I work in health tech for a company called healthfinch. We develop the Charlie Practice Automation Platform, which helps health organizations reduce provider burnout, improve quality metrics and enhance patient satisfaction.
It’s all about automating tasks to get more quality from your time – probably why I took to Timely so easily! Essentially, Charlie integrates with EHRs to automate routine workflows, so clinicians can spend more time on direct patient care, and less on non-reimbursable, below-license work.
As a Customer Operations Analyst, I focus on the internal efficiency of the Customer Success Team at healthfinch. My role is all about making it easier for my teammates to service our customers, who are generally large enterprise health systems. Time tracking is essential to all of that – it’s the primary means for seeing how the team spends its time and where we can make changes to make tasks more efficient.
Correct. Accurate time tracking is key to helping us manage two important areas of our service: Cost of Goods Sold (COGS) and resource planning.
COGS is the amount of money we spend to sell our software product, and time tracking helps us determine the cost of human time in that calculation.
And for resource planning, understanding how long it takes to on-board a customer helps Customer Success employees plan their time, and helps management to distribute work evenly between employees.
Well, we were actually using a project management software with built-in time tracking first. It tried to do a lot of different things at once (instead of focusing purely on time tracking), and since it was primarily designed for project management, the quality of time tracking feature suffered as a result. It just wasn’t configured well for our needs.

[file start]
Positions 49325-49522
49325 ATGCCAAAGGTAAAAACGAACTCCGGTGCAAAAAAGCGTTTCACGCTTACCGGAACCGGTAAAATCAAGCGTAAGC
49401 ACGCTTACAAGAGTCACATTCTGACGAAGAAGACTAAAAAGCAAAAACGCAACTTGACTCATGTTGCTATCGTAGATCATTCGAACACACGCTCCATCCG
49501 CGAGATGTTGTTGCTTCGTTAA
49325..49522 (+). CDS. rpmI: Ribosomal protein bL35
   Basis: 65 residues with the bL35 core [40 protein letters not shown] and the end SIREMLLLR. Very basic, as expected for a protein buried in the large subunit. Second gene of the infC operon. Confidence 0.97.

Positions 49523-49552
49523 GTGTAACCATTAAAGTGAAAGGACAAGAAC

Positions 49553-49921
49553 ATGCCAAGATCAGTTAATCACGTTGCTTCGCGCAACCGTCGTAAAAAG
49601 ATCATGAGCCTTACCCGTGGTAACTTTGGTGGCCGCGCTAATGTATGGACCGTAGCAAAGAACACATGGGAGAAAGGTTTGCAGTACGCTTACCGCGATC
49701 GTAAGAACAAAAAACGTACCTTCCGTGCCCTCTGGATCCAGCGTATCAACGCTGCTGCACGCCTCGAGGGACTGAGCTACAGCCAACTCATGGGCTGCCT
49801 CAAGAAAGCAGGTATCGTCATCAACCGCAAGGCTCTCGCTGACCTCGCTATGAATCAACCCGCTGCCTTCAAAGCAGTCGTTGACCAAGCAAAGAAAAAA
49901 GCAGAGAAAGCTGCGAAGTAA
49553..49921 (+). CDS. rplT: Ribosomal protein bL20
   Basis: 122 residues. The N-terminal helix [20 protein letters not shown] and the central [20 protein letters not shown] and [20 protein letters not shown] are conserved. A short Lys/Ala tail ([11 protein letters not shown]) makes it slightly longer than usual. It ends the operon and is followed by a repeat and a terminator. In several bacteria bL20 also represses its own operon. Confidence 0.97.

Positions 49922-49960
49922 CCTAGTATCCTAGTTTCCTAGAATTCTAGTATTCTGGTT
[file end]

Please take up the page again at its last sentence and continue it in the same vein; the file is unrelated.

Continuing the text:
For starters, our time tracking compliance went from about 60% of total time tracked to almost 100% once we switched to Timely.
But it’s actually directly improved employee happiness too. Two people on my team have used Timely data to show that their day-to-day work strayed significantly from their title and job description. We’ve used that data to put both of those people in more appropriate roles and they’re now much happier.
Definitely, and I think that’s evident by the flexibility it gives you. Everyone on our team uses Timely differently – some people put off time tracking until the end of the month, others do it every day. We only require Timely to be updated by the end of the month for our accountant to calculate COGS, so outside of that people can fit it into their workflows as they see fit.
For any company dealing with extremely sensitive private individual data, the idea of “automatic tracking” sounds alarming. Timely’s Memory desktop app can be a tricky one for compliance people, but it sounds more invasive than it actually is.
We are able to use Timely’s automatic time tracking even with HIPPA requirements, since the app can only access basic metadata of computer apps, not the information contained within those apps themselves. My main piece of advice for other health tech companies looking to do the same would be to make sure you engage your compliance team at the very start of the process.
Sure. We set up our customers as “Clients” in Timely with two active projects each: Implementation and Support. We then log our tracked activities to each of these, which helps us track implementation time and how long we spend supporting each customer after go-live.
We’re just starting to use tags in Timely to track our most frequently done tasks, so we can quickly understand how long it takes to complete our most common implementation tasks. The idea is to eventually use this data to help our Product team make our internal tooling more efficient.